Now that the big name unrestricted free agents are off the market, it’s time for the Miami Heat to do more than window shopping. Now we can turn our attention to some of the quality free agents still available that fit the Heat’s needs/wants.
Teams can amnesty players in three days, so there may be some new candidates then (Tyrus Thomas?). First thing’s first. Resign Chris Andersen. Then they might add one of the following free agents.
In each season the Heat have taken a flyer on a risky center during the big three era: Joel Anthony, Eddy Curry/Ronny Turiaf and last season’s Chris Andersen. Alex covered this position in his article, but I’ll address the position too, not counting Greg Oden (since that story has been bludgeoned to death).
DeJaun Blair has been mentioned. He’s young and a good rebounder for his 6’7” size. But the Heat have enough undersized players with Udonis Haslem being able to do what Blair does at the five spot. The Heat have shown to take risks on big big men.
Samuel Dalembert/Jermaine O’Neal will not happen. The reason I lump these two together is because, as much as they are linked to the Heat, it just isn’t going to happen. Dalembert wants playing time, the Heat don’t enough available in its small-ball world. O’Neal is old and couldn’t even make a dent on the Phoenix Suns, much less the NBA Champions. Of the two, I think O’Neal is more likely. But the Heat have been down that road before.
The name I like is Brandan Wright. At 6’10” and 210 pounds wet, this 2008 lottery pick by the Charlotte Bobcats showed he could play last season with the Dallas Mavericks. Scoring 8.5 points and grabbing 4.1 rebounds per game, Wright is still averse to playing as a true big, opting to play face up. He also had an insane PER rating of 21.03 last season. That has him ranked 20th in the league and half a point higher than Chris Bosh (20.08). Since undersized centers that play like small forwards aren’t a commodity, he could be had for cheap. The Heat would miss far less athleticism on the floor with Wright as opposed to any of these other centers.
One trade possibility is Marcus Camby. The Toronto Raptors have a ton of cap space and the Heat might be looking to dump the contracts of Mike Miller and/or Joel Anthony. Camby is set to earn $4.4 million next season but that is still less than what Miller ($6.2 million in 2013) is making. The Heat would rather not take on any contracts, but if the Heat had to give in, there are a lot worse guys than veteran Camby.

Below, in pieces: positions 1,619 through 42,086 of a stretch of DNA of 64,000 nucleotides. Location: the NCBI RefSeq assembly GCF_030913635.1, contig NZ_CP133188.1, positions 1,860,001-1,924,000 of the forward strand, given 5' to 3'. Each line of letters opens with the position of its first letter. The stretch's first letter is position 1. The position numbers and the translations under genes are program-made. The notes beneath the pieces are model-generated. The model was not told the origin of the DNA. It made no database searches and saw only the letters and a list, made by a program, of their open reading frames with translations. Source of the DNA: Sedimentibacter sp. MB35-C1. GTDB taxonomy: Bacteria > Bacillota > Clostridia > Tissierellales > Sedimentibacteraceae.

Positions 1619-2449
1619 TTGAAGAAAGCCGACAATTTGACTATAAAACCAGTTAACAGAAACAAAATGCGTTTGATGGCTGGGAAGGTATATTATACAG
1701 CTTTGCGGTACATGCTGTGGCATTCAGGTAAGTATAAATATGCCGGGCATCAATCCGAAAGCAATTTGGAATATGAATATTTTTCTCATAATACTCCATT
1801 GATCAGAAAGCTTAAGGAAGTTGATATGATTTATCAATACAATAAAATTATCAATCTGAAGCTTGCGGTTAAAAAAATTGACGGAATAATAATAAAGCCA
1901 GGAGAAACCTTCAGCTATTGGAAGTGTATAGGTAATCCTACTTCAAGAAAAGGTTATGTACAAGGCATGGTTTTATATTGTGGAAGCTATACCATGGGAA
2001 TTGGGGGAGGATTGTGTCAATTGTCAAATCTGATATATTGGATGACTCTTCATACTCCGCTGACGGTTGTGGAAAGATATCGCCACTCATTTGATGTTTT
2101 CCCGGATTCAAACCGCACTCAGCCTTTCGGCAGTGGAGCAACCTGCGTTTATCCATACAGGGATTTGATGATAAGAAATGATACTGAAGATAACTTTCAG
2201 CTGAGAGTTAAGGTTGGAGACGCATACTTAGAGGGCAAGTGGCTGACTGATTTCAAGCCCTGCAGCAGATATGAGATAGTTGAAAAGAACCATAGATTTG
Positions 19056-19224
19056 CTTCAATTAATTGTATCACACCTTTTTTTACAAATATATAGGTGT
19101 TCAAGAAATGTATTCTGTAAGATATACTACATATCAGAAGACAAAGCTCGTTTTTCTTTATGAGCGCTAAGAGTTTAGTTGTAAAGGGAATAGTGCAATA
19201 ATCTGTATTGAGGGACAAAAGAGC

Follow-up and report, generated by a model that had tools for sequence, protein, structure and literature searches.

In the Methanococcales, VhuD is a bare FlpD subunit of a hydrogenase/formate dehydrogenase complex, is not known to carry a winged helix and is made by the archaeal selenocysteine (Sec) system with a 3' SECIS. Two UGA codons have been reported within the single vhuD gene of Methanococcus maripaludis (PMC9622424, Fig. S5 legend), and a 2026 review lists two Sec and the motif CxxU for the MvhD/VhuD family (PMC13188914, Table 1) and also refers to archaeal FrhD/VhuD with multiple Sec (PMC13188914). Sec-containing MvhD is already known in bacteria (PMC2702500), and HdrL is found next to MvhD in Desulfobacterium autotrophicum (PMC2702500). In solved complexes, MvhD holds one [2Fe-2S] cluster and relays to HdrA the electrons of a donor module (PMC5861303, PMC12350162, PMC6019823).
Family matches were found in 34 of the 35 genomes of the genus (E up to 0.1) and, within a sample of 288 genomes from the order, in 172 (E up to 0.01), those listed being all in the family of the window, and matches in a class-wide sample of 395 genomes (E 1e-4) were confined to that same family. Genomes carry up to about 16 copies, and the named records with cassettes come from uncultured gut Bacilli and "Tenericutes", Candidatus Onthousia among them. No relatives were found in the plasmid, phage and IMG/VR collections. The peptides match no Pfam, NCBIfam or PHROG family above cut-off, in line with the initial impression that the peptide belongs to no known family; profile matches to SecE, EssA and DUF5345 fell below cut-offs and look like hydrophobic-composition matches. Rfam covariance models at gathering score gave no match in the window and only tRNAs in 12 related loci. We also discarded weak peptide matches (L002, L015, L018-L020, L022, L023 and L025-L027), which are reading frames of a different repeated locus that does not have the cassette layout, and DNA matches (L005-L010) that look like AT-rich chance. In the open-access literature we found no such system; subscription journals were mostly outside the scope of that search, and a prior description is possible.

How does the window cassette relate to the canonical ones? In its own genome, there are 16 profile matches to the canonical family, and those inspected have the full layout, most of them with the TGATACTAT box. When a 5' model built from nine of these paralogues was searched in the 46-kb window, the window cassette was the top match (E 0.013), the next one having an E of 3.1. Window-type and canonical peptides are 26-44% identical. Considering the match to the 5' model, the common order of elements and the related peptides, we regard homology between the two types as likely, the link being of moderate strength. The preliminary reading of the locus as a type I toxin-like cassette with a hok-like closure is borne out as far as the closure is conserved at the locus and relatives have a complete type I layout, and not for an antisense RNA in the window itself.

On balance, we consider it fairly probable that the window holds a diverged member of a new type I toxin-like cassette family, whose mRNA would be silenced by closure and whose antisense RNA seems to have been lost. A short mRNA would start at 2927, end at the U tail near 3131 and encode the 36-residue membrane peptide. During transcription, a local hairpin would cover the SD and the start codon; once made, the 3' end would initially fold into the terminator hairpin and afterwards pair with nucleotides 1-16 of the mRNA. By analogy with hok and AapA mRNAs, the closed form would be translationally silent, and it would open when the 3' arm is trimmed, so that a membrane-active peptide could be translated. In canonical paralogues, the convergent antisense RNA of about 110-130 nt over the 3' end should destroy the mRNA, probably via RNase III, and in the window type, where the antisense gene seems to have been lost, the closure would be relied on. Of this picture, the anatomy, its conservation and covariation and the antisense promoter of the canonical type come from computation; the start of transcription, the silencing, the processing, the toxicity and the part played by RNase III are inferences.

I can’t figure out why Andrei Kirilenko isn’t signed yet. Even though he looks like he came alive in a wax museum, he could represent the biggest value on this list for Miami. At 6’9” and 230-ish pounds, he could play the three or four. He averaged 12.4 points and 5.7 rebounds per game (which would have ranked third on the team for the Heat). He is a capable three-point shooter, hitting 31 percent of his shots. Kirilenko could earn some playing time at power forward, where the Heat like to play non-power forwards so often. But he could be redundant of Rashard Lewis.
Antawn Jamison, who just met with the L.A. Clippers, is the typical title-hungry veteran that could play with the Heat. It depends what the Heat is looking for. Jamison will probably want more minutes than the Heat have available, and would probably opt to remain in Southern California if he had the choice to sign with either the Clips or Heat. But Jamison is a good scorer that has more dimensions to his game than a lot of guys on the Heat bench. He’s the kind of player they would like to have.
Point guards: Check out this article from a few days ago.
Of all the players available, the Heat seem most interested in a low-minute point guard and is willing to take a shot at adding a center. We’ll see how Miami decided to reinforce its championship roster.